Favorite bozo comment of the night: Someone was over at the Sauternes area, tasting one of the wines (I think it was Doisy-Daene). The guest was going on and on and on about how this Sauternes was “so linear.” Now, I have no idea what he thought “linear” meant, but I can’t imagine describing a young Sauternes as “linear.” I felt badly for the winery rep having to listen to such tripe and be polite…

Bruce

I agree, the wines should have been ready to pour by the owners at 7pm. But that was not anyone’s fault.

There was a UGC trade tasting in Santa Monica from 1p-5p. By the time the event concluded, 100 people needed to be packed into buses and moved to the next venue, which is not around the block. The Peterson was picked because the larger venues in Santa Monica were already booked. With over 1,500 guests, they needed a large venue. Back to the reason for the delay, with LA traffic, it took close to one hour to get everyone across town. Having been pouring wine all day, the owners actually wanted to eat some dinner before the 7-10pm tasting took place. That seems like a reasonable request. The restaurant could not serve all 100 people as quick as it was hoped. That is the reason for the delay. They

That being said, the event should have started on time. You paid for the ticket, you are right. I found it appalling that attendees did not wait the 15 minutes for the owners to arrive. The wines were already opened and people began pouring their own samples.

You cannot blame the UGC or Wallys for people pushing to get in. That is the fault of rude attendees. Maybe you’re right, there could have been signs. But as the all the communes were alphabetical, and each chateau was also situated alphabetically, if anyone wanted to find a specific property to taste, it was not that find the winery of your choice.

There were many things done right. The glasses were fine for the tasting. The wines were poured at good temperatures. Most importantly, the wines showed well. They were rich, sensuous, opulent Bordeaux wines that will offer serious pleasure.

At the end of the day, for the $60 price, you had the opportunity to taste close to 100 wines and in most cases talk to the owners or managers about the wines.

FWIW, “linear” as a wine descriptor means a wine that does not change in flavor. For example, the wine you asked about, Doisy Daene did not move from pineapple from apricot. Doisy Daene could be considered linear. It was not one of my favorite wines form the appellation. Coutet rocked it!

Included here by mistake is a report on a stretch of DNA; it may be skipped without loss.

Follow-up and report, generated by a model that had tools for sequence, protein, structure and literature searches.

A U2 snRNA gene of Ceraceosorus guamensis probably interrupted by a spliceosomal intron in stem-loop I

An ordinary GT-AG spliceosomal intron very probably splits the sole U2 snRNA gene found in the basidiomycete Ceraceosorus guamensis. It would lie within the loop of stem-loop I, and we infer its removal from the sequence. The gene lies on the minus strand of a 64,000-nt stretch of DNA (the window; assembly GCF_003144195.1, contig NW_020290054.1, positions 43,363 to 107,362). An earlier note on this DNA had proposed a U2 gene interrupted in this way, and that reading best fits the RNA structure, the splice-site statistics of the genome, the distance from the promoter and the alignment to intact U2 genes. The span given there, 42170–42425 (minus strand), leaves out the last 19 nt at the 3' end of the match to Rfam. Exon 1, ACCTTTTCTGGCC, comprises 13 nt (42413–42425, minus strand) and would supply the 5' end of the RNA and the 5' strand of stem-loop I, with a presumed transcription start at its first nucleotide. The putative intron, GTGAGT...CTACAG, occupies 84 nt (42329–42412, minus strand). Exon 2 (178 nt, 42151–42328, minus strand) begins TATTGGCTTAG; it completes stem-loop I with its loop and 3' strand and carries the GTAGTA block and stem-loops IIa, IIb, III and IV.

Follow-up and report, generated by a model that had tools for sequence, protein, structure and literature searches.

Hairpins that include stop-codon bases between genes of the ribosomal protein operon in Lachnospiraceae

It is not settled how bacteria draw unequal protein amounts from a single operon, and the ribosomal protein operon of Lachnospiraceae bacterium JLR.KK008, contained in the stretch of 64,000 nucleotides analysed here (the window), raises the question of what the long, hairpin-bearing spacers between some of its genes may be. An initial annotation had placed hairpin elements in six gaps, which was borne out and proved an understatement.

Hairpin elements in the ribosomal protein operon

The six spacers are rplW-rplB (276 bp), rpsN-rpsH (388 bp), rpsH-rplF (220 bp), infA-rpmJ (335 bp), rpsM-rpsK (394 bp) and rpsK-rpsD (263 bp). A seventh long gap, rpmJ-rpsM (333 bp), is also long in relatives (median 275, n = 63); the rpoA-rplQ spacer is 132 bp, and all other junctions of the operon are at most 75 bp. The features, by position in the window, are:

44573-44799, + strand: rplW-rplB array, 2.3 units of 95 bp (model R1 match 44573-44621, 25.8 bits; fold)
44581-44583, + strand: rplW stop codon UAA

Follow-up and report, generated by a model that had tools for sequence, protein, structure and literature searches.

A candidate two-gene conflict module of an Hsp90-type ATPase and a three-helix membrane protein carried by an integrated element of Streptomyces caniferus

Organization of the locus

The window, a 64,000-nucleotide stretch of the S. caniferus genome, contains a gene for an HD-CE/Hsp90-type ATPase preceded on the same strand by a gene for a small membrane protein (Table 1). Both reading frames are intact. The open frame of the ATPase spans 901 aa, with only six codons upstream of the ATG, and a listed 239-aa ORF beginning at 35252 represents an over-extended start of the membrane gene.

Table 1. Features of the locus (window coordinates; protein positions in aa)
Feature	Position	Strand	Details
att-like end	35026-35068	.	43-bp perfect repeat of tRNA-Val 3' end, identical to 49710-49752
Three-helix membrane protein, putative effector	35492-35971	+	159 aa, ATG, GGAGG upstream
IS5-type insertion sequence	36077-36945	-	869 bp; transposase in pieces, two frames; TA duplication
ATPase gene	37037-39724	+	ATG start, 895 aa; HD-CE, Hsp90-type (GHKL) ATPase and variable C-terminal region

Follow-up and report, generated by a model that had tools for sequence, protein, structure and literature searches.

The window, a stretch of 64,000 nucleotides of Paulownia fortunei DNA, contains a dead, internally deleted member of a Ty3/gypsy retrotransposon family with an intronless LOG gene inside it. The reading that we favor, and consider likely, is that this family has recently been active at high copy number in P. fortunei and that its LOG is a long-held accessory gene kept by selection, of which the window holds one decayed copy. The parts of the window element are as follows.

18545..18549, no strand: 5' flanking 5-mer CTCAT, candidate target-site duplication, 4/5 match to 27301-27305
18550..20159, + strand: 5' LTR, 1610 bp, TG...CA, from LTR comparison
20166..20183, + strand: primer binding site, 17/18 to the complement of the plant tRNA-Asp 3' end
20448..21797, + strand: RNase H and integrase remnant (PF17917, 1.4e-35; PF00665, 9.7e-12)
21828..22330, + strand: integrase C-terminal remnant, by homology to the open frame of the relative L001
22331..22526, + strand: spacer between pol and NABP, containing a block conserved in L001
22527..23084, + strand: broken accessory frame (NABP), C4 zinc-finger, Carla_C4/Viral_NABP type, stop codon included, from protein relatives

Crikey, sounds like a bun fight. pileon I suppose I should consider myself lucky I’ve never had to attend a public tasting. [wow.gif]

I didn’t go, and I don’t have a dog in this fight, but I think it could be argued that it was the fault of whoever scheduled two events without sufficient time in between them for people to travel and eat. Traffic should never be a surprise in LA…

+1
Jeff,
With respect, there is fault and it’s the fault of the organizers. You’re planning an event in the middle of L.A., you’ve got a trade tasting that is at least an hour by bus away from the public one. Add in the time it takes to get everyone out of the current location (no easy task), get them all on a bus, transport them in traffic across L.A., get them food, then have them ready for a 7pm start again.

So let’s recap, 100 people about an hour or so away from venue #2, 100 people need to be loaded onto a number of buses, 100 people need to be transported, 100 people need to be feed, and 100 people need to get off a bus and into a new venue and be ready to go. All that must be done in 2 hours. I wasn’t there, but that obviously was piss pour planning. A teenager could have figured out that wasn’t going to work, yet the organizers who’ve done this before couldn’t? [head-bang.gif]

You’ve got people who’ve paid good money to attend a tasting and it’s expected to start on time with the people there to pour.

Jeff–Congrats; you are well on your way to winning this year’s Wine Apologist Award. It’s early in the year, of course, so you may have more competition later on. [snort.gif]